I took a week-long trip to South Korea earlier this summer, but unlike most of the trips I take this one wasn't going supposed to be an action-packed fully planned-out occasion where I would see as much as possible while trying to learn as much as I could about the place I was visiting.
I've been to Korea before and truthfully I'm a big fan of the country (especially its food) but I've resisted revisiting again in recent years as the country has become a hot spot in Asia for people wanting to experience the culture and fashion which has been popularized by the tremendously successful Korean music and entertainment industry.
This time my trip was a whole lot more simple - I'd carry a lot less around in my camera bag and I'd spend most of my free time searching out some of the best restaurants in Seoul while hanging out with some people from home that I haven't seen in almost twenty years!
I was in town to attend the wedding of a very special friend of mine from when I was growing up and having met her fiancé when they visited Taiwan a few months earlier, I was really happy to be able to attend the wedding of two very cool people!
My friend Marie is a very vocal supporter of Korea and has combined her love of the country with her entrepreneurial skills to help promote Korean designers and products outside of Korea by founding the subscription box service Korea Curated which ships boxes of cool Korean products created by young Korean designers and entrepreneurs to people all over the world each and every month.
Marie's husband Cory is an expat Youtuber who promotes Korean culture, food and travel through his popular Youtube channel and together they've combined to form a formidable team that does excellent work promoting Korea to audiences both in and outside of the country.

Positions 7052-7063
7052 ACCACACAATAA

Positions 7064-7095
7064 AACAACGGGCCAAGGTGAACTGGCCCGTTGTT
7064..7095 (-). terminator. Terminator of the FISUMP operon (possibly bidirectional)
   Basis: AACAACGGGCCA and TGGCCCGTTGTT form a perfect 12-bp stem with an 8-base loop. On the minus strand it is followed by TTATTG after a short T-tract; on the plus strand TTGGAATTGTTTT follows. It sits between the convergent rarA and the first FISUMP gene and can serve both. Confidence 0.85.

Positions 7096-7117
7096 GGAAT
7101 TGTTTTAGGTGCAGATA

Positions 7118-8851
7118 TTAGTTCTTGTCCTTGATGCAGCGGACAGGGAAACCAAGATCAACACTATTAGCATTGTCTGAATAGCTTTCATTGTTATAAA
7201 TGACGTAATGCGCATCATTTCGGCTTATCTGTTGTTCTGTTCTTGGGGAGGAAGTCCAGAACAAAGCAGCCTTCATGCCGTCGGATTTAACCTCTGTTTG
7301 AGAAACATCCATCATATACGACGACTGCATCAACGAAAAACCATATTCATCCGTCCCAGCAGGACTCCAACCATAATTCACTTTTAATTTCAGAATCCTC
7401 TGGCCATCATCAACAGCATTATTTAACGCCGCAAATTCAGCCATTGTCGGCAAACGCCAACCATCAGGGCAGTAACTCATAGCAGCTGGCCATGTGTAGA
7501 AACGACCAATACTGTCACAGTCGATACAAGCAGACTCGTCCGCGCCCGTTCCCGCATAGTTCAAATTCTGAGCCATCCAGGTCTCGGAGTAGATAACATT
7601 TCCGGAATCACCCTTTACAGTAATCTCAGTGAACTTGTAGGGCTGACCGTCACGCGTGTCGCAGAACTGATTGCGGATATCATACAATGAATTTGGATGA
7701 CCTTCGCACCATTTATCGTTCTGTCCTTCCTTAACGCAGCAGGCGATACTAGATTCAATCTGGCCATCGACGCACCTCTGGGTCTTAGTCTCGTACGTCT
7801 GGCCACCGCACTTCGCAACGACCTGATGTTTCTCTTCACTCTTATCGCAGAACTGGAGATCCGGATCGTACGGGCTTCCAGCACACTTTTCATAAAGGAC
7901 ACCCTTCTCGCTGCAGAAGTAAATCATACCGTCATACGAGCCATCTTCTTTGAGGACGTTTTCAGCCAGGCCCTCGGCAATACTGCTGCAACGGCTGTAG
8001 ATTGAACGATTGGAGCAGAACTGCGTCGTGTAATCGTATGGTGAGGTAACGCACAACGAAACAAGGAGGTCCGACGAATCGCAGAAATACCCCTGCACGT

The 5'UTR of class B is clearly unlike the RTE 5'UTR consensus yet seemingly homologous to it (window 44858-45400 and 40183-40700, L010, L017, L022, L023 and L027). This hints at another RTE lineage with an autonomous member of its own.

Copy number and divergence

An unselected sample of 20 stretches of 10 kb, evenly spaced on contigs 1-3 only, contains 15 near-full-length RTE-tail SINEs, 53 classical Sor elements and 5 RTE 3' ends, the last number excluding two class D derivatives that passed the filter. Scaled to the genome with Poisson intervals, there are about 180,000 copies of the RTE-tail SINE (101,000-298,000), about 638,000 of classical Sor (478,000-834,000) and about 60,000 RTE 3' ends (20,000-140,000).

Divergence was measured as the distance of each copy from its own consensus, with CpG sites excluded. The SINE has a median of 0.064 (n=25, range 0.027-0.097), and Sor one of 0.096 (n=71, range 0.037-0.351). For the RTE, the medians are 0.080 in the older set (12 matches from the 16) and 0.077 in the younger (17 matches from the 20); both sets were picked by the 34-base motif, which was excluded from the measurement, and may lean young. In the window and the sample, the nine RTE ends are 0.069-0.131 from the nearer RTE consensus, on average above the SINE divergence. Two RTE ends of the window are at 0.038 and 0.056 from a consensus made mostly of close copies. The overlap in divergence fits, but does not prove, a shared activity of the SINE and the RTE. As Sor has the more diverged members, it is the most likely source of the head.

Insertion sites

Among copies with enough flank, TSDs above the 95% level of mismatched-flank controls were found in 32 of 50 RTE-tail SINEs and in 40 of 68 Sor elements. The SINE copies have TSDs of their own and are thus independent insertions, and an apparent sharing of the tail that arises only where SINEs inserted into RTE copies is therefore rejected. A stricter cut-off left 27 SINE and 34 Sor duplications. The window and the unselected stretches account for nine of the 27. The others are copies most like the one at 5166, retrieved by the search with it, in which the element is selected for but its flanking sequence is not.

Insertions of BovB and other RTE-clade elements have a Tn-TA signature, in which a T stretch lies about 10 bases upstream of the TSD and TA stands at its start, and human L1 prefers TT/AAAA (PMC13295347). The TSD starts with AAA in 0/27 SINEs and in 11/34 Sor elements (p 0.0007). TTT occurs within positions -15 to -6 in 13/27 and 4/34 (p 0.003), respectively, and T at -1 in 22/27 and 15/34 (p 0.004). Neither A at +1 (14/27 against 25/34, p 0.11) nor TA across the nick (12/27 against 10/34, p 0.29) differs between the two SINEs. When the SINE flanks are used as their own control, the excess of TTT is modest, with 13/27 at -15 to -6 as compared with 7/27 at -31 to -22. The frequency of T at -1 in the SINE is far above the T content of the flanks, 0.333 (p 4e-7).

As you might imagine the two of them and I get along quite well because we are very vocal lovers of our adopted country's and while they promote Korea through their videography and entrepreneurial skills, I try to do with same for Taiwan with my photography.
While I didn't have a lot of time to do a whole lot of 'touristy' stuff during my short visit to the country, I did what almost every other tourist who visits Korea does and ate a lot of amazing BBQ and drank a lot of soju - Way too much soju actually - and visited one of Seoul's most prized attractions.
Gyeongbokgung Palace (경복궁/景福宮) also known as the Northern Palace was the primary home of the Joseon Dynasty (대조선국/大朝鮮國) which ruled Korea for five centuries between 1392 and 1897. The palace originally built by King Taejo (태조/太祖) in 1395 was the seat of the central government in Seoul where the rulers of the Joseon dynasty would sit on the Phoenix Throne (어좌/王座).